Classical Radio in Washington Saved as WETA (Re-)Adopts Format

Classic Arts News   Classical Radio in Washington Saved as WETA (Re-)Adopts Format
 
Classical music lovers in the nation's capital can breathe a sigh of relief: just when it seemed Beethoven might disappear from the airwaves altogether, WETA changed back to a classical format on Monday (January 22), becoming the exclusive provider of classical music in the greater Washington, D.C. area.

WETA (90.9 FM) was a classical station for 35 years until it switched to news and talk, largely from NPR and the BBC, in February 2005. But last month the board voted to authorize the station's management to consider reverting to music programming if the area's only remaining classical outlet, WGMS, dropped the format, as was already expected at the time. (Metro Washington already has an all-news NPR outlet, WAMU.)

The format change was carefully planned with Bonneville International Corp., which owns WGMS (103.9 and 104.1 FM). According to The Washington Post, WETA and WGMS executives began discussing the collaboration three weeks ago, after Dan DeVany, WETA's general manager, approached Joel Oxley, Bonneville's top local executive. They agreed that Bonneville will allow WETA use of WGMS's familiar call letter (which once stood for "Washington's Good Music Station"). WETA's booster station in Hagerstown, Maryland, WETH, will be renamed WGMS, pending approval from federal regulators.

"It made sense for these two organizations to come together," the Post quotes Oxley as saying. "Both sides agreed it made sense for their stations and their listeners. This saves classical music in this market and arguably puts it in a better place than it is now."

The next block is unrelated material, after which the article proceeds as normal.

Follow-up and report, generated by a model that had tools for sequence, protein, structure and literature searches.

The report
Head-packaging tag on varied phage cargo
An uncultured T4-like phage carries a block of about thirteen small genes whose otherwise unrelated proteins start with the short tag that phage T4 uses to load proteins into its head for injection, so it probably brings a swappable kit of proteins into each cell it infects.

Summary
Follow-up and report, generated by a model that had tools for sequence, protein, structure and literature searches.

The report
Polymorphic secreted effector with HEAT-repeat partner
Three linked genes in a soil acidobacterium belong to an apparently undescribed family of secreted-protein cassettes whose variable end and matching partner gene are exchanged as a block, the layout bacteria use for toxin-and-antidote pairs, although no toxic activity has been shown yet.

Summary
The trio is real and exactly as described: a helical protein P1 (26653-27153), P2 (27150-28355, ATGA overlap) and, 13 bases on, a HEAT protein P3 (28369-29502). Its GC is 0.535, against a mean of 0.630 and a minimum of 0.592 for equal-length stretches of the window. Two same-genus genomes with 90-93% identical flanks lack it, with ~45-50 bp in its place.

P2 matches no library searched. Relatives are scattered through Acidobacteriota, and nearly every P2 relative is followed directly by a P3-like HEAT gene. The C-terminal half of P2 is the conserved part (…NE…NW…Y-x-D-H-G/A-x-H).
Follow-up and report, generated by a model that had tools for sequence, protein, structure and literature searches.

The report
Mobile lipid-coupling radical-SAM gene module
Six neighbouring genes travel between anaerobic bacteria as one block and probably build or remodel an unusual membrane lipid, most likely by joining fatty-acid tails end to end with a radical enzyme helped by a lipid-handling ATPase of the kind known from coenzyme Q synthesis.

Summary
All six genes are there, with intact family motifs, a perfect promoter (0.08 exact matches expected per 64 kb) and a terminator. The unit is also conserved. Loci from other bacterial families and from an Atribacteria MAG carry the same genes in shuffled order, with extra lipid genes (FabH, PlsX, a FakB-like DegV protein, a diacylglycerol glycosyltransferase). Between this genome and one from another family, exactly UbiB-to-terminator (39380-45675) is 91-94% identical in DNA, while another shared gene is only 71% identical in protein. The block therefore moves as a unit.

Both stations hope to benefit financially from the transfer: WETA aims to translate its exclusivity as the area's only classical station into more pledge dollars and members; Bonneville, meanwhile, gets to jump ship from the declining classical-radio field for programming that lures a more youthful audience — and thus potentially more local advertising dollars.

According to the Post, the two stations will cross-promote each other for approximately six months. WETA will air announcements for Bonneville's all-news WTOP (103.5 FM, 820 AM) as well as for WTWP (107.7 FM, 1500 AM), the news and talk station produced in conjunction with the Post's newsroom.

Bonneville is also donating the WGMS classical music library of 18,000 CDs to WETA, whose collection already numbers 25,000.

And of course, local listeners will be able to enjoy classical music on the air for the foreseeable future. "We're thrilled to partner with WETA to keep classical music alive in the Washington area and create a new music station that will energize many music fans," Bruce Reese, president and CEO of Bonneville, said in a statement.

According to the Post, WETA will lay off eight staff members who worked on its news and talk programming, including Rebecca Roberts, who hosted the daily current-affairs show The Intersection. WGMS, meanwhile, will lay off 10 people. Each station said it would interview the other's former staffers for any openings.

The old WGMS (which had been airing classical music since the station's inception in 1947) played its last classical selection Monday afternoon: the funereal closing chorus from Bach's St. Matthew Passion. According to the Post, longtime WGMS program director Jim Allison (who will leave the station to take the same job at WETA) announced, "It is indeed with tears of grief that we leave the Washington airwaves." Then the new regime played Sheryl Crow's A Change Would Do You Good.


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